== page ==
Movement

Do you like to move? Do you feel trapped and tense in your body when you sing? How does movement (or stillness) inform your singing? I’m not talking about a dance background being necessary for you to sing, but by being free in your body, you can improve vocal function and freedom in your sound overall.

internal views of body movement

When first learning to sing, it can be challenging to even move an arm voluntarily, let alone coordinate it with your singing. That’s not to say you don’t move – maybe you have some involuntary movement happening? It could be hand tension that is coming down from your neck, it might be a little knee wobble you do when you sing. Or maybe your shoulders get a little tight when you run out of breath? The next time you’re practicing, check in on that. As distracting as it is, get in front of a full-length mirror and observe.

You are your own best teacher.

There is a direct correlation between vocal tension and unnecessary body tension. By giving yourself permission to move, you create new pathways of freedom in your sound.

Voluntary movement is very freeing, but coordinating it with singing might feel a little weird at first.

Below are some simple movements you can do to free your body from involuntary tension while you sing. You can practice all of these movements first without singing, then try singing a phrase or line while doing them. If you have mobility constraints or pathology, trust that your body will know how far to go with these movements.

  1. If you’re not already standing while practicing, you should be.
  2. Walk around your house/practice room. Swing your arms freely. Sing!
  3. When singing a descending line, raise your arm or arms from your sides to shoulder height, in a shape as if you are holding onto a very large beach ball. This move is intended to counteract a tendency to ‘sink’ while singing a descending line.
  4. When singing an ascending line, start with your arms raised in front of you and slightly to the side (large beach ball), and then slowly lower them to your side as you sing that line.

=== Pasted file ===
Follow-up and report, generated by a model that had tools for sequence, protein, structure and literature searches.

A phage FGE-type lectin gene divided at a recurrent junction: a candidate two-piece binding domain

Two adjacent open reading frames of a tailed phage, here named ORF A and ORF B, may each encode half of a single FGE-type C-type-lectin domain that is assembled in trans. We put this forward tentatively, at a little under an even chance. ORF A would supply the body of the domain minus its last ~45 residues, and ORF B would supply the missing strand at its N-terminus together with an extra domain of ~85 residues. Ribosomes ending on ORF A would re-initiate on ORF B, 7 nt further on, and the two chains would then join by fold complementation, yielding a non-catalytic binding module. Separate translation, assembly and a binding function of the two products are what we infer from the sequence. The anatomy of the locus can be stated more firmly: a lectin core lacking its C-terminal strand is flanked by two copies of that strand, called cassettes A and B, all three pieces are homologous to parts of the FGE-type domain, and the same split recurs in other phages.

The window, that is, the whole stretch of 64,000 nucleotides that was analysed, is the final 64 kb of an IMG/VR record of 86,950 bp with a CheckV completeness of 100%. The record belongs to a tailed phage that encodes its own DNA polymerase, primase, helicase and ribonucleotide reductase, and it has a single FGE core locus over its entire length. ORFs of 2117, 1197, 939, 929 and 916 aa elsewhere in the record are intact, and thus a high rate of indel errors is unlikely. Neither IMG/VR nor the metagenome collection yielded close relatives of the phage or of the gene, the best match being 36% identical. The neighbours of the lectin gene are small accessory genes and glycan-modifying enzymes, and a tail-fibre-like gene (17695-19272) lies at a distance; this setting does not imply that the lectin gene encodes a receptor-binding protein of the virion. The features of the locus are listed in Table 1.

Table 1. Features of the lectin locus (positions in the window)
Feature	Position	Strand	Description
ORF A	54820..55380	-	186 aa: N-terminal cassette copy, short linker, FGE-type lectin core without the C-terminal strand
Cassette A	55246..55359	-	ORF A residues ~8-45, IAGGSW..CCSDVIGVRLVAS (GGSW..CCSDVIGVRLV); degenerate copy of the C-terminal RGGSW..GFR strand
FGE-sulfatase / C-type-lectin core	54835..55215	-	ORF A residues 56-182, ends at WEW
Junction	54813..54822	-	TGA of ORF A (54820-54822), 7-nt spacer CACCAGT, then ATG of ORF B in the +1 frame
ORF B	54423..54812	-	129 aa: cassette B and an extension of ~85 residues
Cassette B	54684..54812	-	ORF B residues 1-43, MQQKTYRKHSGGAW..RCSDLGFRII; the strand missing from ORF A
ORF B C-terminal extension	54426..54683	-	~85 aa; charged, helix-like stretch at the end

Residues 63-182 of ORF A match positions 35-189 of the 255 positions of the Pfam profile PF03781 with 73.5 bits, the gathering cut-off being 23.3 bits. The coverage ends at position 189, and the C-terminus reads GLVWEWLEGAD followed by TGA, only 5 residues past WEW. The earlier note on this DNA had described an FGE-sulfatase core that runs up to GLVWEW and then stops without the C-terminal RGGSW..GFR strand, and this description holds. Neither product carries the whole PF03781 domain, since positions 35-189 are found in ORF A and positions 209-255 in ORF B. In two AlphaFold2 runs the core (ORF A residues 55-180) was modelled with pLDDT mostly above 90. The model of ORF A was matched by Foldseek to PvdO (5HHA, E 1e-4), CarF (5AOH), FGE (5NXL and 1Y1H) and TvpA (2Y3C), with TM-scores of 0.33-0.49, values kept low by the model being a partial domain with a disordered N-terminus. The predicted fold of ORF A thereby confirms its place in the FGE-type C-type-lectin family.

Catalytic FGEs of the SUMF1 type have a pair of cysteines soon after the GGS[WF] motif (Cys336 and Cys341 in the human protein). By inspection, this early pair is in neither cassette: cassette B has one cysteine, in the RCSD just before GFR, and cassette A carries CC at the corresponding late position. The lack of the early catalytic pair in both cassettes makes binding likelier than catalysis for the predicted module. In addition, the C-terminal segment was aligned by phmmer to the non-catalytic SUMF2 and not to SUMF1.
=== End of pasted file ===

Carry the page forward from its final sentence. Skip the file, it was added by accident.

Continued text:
5. While singing a phrase with an ascending line, bend your knees, bend your torso slightly at the hips (as if you are about to sit in a chair) and let your back and head be long. Imagine a long, free line from your tailbone, up your spine to the top of your head). You can place a chair behind you for reassurance, if you like.
  6. While singing a phrase with a descending line, reverse the movement of number 5. Start in that ‘nearly sitting’ position, then slowly stand up tall while singing your descending line. Your torso should be roughly 45 degrees to the wall and you can start by looking at a point where the floor meets the wall. As you stand your vision moves up the wall, and your body lengthens naturally. You can start in the chair, if you like. Be sure to watch the video below for more information!

Some of these movements are related to a form of body awareness called The Alexander Technique. You can find many videos on YouTube about this technique – here is a short one that clearly shows the sitting to standing position. Scroll to about 2 minutes in and you’ll see the sitting/standing position I describe above. Feel free to watch more Alexander Technique videos – they are a wealth of great information.

Try the above movements and see if they work for you with finding more freedom in your sound. Do you already move when you sing? What do you do when you sing to keep freedom in your sound and in your body? I’d love to hear from you! Leave a comment in the Reply box below – or better yet share this post with those you think would find it useful.

As always, thanks for reading, sharing, and singing!

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